“My advice for young illustrators: spend as much time drawing and developing your craft as possible, but also make time for other hobbies and interests as these will inform your work, too!” – Katie Rewse

“Write from the heart. Find the thing you are passionate about and write that story. When you write with passion, people usually get it!” – Chrystal D. Giles.

“READ. There is a world for you out out there. Books can help you connect with it, even if you’re feeling closed in and isolated. Books can also help open up your mind.” – Kevin Sylvester and Basil Sylvester

“Read across lots of different genres, styles cultures, and eras. What made an impact on you – what kept you entertained? Is it description? The way characters speak? Humor? Remember how you felt listening to those stories (or reading them) and let those feelings inspire you when you start to write.” – Eden Royce.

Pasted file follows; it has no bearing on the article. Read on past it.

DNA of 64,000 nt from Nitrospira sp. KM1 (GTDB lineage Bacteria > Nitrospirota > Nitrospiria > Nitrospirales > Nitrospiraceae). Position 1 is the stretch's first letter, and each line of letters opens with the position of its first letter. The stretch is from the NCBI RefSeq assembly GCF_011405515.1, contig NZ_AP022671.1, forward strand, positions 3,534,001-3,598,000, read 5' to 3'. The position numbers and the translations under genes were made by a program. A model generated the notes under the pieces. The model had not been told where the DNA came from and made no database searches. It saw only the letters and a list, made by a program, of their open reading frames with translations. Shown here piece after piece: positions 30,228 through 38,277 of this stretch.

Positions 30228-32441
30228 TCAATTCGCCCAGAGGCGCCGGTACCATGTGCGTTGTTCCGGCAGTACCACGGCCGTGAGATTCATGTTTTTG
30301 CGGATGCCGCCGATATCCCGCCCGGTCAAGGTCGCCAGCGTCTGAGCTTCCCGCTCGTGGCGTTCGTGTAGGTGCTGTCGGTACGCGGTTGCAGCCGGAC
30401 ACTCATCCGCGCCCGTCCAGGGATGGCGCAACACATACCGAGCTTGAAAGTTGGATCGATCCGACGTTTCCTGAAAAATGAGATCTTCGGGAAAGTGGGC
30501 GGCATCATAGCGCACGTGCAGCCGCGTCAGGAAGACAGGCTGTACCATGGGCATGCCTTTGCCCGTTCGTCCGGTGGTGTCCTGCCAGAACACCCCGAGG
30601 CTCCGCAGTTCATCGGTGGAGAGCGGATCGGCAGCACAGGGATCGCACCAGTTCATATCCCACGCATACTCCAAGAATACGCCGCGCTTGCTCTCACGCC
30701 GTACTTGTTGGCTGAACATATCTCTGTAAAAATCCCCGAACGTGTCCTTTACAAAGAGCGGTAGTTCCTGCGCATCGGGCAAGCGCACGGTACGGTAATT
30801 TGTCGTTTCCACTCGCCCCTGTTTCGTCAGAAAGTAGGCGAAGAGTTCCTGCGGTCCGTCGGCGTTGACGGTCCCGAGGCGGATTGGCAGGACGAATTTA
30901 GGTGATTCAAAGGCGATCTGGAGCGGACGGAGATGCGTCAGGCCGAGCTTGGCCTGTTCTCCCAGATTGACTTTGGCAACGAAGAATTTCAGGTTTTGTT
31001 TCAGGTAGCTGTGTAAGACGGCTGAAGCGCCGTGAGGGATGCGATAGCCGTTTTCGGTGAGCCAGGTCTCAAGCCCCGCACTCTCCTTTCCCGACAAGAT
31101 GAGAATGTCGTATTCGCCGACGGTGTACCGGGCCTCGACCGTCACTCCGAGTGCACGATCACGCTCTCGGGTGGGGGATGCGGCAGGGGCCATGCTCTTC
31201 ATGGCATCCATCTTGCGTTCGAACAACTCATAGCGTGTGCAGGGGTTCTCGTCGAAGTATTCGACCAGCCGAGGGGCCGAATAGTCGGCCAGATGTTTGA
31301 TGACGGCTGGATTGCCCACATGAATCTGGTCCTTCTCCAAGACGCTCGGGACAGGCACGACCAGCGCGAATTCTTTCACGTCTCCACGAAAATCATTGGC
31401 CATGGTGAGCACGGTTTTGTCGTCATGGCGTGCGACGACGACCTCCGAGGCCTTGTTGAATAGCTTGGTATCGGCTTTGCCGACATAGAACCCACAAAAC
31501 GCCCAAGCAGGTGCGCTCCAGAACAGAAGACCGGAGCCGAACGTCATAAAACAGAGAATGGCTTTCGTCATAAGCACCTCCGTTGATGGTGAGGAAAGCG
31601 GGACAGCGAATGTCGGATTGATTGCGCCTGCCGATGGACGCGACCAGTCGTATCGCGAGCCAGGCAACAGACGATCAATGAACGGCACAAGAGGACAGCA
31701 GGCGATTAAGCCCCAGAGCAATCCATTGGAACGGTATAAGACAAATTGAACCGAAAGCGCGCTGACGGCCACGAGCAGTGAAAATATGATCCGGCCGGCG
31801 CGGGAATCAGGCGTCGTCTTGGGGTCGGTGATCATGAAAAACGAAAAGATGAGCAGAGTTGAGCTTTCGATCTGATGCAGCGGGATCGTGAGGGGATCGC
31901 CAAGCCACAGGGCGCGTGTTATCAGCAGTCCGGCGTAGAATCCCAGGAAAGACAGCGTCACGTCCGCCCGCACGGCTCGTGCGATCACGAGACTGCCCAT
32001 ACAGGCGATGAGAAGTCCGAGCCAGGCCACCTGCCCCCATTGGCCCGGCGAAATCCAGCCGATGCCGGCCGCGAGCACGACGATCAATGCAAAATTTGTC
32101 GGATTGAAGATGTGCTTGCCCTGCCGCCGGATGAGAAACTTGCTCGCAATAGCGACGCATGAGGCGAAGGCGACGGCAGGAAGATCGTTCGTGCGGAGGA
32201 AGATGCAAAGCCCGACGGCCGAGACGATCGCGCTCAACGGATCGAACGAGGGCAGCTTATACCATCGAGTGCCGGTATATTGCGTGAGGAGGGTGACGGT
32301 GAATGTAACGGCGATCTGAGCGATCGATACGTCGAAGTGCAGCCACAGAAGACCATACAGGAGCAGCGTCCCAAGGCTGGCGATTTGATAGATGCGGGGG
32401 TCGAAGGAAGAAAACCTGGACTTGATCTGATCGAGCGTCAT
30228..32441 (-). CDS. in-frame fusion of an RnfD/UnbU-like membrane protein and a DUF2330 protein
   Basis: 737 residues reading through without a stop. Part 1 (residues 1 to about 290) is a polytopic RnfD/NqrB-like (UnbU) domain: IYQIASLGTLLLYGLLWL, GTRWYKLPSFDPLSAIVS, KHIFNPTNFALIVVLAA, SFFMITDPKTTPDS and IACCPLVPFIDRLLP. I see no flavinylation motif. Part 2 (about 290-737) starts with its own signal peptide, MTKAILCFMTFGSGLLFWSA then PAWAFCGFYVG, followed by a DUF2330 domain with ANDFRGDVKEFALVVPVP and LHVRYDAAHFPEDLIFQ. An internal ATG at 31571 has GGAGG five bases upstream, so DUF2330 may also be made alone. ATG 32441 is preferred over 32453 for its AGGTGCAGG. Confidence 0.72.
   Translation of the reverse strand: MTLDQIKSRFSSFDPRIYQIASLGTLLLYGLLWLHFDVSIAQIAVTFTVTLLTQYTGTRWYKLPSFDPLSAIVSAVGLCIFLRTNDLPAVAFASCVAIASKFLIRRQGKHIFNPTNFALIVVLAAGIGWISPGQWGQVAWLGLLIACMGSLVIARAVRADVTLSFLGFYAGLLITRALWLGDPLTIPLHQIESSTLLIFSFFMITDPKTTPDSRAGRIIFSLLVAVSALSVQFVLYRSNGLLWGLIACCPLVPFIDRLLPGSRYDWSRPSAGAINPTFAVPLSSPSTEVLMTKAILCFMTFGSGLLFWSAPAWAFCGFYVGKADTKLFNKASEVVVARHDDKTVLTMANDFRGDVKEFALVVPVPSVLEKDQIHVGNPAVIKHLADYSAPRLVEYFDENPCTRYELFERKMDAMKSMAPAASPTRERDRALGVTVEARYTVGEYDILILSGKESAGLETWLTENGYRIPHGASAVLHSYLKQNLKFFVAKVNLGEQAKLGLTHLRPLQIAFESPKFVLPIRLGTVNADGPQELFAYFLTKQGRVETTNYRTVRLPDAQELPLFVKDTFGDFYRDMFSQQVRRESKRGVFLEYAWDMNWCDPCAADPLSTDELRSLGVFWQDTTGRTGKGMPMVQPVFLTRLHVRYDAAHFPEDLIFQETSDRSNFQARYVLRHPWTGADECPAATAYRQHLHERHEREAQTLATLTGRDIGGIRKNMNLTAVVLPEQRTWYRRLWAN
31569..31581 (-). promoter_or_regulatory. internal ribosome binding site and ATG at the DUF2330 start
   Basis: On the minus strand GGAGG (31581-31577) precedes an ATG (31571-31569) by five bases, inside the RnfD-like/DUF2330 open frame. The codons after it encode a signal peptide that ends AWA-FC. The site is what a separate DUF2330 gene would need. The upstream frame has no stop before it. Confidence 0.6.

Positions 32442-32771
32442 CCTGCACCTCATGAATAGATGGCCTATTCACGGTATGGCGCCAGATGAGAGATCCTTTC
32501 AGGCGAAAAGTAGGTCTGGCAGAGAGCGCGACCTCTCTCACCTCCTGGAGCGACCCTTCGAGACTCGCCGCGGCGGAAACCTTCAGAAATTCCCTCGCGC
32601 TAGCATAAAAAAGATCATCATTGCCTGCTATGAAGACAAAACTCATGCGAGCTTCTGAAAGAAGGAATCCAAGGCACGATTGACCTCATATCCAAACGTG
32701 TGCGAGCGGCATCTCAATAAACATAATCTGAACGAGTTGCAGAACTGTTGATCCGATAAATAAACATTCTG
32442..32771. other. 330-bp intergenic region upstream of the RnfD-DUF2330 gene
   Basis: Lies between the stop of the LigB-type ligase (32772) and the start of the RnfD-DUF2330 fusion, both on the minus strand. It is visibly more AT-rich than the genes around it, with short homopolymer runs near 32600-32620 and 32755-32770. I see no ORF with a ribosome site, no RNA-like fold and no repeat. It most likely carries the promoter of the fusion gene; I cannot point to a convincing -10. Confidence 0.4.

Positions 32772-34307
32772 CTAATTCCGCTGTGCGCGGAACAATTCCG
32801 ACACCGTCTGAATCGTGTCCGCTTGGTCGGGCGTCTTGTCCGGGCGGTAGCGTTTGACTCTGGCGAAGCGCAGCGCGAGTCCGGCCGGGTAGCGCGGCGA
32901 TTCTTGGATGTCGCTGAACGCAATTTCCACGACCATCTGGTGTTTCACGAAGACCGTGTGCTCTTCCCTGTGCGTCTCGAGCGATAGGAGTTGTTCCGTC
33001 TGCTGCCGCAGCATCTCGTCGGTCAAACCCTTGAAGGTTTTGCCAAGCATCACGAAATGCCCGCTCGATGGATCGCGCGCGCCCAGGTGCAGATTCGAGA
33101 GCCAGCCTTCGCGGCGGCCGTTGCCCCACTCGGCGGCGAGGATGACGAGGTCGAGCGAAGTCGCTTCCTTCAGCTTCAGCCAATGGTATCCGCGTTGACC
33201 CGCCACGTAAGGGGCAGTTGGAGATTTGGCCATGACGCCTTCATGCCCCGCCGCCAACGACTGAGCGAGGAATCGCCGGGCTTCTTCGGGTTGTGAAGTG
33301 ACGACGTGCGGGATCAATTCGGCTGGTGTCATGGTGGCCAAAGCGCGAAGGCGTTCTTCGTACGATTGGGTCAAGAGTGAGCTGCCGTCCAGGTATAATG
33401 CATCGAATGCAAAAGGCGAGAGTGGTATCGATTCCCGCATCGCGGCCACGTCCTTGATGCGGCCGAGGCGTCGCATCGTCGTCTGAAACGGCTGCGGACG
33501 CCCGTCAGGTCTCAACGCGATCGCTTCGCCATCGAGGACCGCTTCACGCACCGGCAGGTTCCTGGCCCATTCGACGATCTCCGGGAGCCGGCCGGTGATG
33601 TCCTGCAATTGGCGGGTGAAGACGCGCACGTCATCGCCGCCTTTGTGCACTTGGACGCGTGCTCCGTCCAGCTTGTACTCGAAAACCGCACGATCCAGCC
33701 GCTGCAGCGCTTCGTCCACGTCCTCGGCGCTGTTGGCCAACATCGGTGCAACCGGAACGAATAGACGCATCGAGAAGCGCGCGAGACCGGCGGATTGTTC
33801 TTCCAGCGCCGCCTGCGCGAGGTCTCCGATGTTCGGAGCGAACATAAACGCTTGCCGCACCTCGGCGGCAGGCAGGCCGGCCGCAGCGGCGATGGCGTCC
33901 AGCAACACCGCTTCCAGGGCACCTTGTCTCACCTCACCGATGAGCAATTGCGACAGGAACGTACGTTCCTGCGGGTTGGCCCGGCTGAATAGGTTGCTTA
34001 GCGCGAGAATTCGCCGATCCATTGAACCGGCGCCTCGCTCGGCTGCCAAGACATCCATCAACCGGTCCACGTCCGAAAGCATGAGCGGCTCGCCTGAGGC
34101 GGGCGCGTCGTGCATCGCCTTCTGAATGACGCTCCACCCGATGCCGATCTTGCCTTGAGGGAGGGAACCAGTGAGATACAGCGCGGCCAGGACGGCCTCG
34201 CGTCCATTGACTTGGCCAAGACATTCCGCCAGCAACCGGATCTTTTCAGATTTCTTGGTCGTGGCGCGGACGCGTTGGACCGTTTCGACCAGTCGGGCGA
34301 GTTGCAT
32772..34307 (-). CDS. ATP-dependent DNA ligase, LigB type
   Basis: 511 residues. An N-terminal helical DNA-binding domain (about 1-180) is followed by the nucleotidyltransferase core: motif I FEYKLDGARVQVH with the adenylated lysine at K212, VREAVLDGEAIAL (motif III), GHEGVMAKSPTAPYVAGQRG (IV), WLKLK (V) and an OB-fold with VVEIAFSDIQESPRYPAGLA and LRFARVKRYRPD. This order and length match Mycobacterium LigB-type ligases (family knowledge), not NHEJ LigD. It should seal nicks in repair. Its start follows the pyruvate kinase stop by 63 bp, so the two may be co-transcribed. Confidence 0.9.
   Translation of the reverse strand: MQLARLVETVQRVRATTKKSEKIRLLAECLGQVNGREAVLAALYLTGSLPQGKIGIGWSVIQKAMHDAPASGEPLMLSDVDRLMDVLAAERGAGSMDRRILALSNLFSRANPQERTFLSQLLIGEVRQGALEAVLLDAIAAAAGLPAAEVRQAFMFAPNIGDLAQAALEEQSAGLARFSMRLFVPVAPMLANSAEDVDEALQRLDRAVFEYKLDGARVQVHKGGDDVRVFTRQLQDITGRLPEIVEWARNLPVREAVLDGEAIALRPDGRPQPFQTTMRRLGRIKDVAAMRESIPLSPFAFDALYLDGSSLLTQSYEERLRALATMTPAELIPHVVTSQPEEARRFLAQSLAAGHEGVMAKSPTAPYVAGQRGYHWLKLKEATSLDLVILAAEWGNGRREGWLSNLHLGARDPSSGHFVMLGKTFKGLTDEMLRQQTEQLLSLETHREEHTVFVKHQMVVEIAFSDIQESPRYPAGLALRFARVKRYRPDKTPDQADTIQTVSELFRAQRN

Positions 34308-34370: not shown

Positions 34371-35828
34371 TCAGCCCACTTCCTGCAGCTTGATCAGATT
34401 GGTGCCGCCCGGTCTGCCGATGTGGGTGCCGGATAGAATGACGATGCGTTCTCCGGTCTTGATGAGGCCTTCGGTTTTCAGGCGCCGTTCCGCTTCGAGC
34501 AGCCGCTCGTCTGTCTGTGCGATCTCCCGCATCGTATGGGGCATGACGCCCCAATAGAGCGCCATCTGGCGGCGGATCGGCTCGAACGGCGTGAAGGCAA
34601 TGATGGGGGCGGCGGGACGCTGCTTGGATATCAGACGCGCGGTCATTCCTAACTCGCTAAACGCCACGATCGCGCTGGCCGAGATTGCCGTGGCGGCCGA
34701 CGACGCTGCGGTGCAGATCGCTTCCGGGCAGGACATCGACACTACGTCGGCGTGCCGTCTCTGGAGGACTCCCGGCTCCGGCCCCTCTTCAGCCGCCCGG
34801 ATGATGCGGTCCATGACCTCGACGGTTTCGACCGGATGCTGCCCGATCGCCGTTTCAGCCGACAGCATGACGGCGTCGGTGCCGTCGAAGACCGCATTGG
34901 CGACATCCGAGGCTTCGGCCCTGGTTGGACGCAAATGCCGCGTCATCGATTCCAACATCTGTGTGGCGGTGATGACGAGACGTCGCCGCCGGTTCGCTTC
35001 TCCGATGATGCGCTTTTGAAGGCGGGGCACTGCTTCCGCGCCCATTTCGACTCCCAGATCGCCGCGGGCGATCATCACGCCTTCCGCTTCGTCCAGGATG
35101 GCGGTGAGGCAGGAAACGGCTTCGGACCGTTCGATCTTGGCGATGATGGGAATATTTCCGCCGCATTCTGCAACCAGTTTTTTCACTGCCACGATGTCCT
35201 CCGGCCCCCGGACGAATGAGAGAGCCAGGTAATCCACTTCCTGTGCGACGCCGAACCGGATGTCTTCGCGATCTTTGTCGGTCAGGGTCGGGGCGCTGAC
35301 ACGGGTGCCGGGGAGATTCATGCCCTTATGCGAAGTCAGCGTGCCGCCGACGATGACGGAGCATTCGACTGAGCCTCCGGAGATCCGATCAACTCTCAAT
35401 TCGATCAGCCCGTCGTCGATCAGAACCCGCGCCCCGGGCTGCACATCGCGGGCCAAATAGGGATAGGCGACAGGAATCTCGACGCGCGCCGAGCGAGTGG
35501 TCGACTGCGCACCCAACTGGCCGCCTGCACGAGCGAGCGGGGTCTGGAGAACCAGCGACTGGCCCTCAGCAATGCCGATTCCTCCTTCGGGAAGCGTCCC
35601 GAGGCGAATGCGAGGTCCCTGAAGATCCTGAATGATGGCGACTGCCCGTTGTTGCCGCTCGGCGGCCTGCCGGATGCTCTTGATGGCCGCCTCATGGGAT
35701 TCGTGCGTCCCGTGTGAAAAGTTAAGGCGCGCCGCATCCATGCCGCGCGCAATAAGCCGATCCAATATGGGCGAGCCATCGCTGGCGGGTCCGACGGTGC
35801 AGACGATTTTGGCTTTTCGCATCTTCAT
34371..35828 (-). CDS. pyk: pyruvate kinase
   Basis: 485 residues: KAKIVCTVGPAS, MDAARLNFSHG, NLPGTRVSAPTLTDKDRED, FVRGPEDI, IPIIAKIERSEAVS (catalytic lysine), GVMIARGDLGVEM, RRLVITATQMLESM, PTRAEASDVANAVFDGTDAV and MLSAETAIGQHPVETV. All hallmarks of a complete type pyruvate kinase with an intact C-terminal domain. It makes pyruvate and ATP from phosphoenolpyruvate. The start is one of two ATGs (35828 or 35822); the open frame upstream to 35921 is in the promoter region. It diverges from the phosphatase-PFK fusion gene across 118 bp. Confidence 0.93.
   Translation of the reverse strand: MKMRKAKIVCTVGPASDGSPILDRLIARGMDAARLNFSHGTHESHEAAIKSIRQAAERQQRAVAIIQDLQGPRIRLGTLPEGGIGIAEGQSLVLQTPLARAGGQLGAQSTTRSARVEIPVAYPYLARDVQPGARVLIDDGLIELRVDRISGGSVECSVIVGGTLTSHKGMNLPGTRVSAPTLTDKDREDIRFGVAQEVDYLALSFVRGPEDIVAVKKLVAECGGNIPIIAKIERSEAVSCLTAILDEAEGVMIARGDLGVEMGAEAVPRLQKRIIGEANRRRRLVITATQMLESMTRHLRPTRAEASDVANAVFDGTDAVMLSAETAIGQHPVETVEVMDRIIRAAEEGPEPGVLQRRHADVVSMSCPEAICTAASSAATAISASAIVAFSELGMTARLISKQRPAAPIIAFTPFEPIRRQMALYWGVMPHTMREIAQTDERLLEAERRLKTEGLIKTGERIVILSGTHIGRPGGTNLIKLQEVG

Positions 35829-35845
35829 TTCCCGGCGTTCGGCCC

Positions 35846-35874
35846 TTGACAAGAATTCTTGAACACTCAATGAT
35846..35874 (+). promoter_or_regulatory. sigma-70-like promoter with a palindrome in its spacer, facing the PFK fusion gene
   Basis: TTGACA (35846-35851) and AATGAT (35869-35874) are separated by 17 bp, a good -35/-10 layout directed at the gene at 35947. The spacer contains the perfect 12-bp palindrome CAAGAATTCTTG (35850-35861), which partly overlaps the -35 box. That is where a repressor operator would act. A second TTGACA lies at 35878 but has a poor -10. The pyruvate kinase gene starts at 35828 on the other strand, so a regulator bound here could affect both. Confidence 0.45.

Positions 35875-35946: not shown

“Keep drawing! every day you draw, paint, or sketch, you get better, and it really does show after a time.” – Joelle Murray.

When picking a topic for picture books, always keep the age of your reader in mind. If you’re writing about a particular issue, choose issues that connect with their age group experience. – Shelli R. Johannes.

“If I could give advice to young writers, I’d tell them to be patient, to read a lot, and to just live life in general — it provides great inspiration!” – Christina Li.

“Writing is not like Math. There are skills to learn, yes, but writing is NOT right or wrong. It doesn’t need correcting. It needs polishing so that your stories shine, and others can enjoy them too.” – Erin Dealey.

Getting blocked or struggling with a scene? Think about the emotional truth of the scene. What emotions is the plot driving towards? – Christina Li.

“My main advice: just keep going. Believe in your work because only you can do work like you. Practice, network and get your work out there – you will be found.” – Ellie Arscott.

“Don’t talk about writing a book ‘someday.’ Make writing a priority. Someday is NOW.” – Erin Dealey.

“There are only TWO things you need to know if you want to be an author: 1. The alphabet, and 2. How to tell a good story. That’s it.” – Josh Funk.

“Be supportive of others and you’ll find that you’ll have a family of colleagues; before you know it, they will equally have your back along the way.” – Ellie Arscott.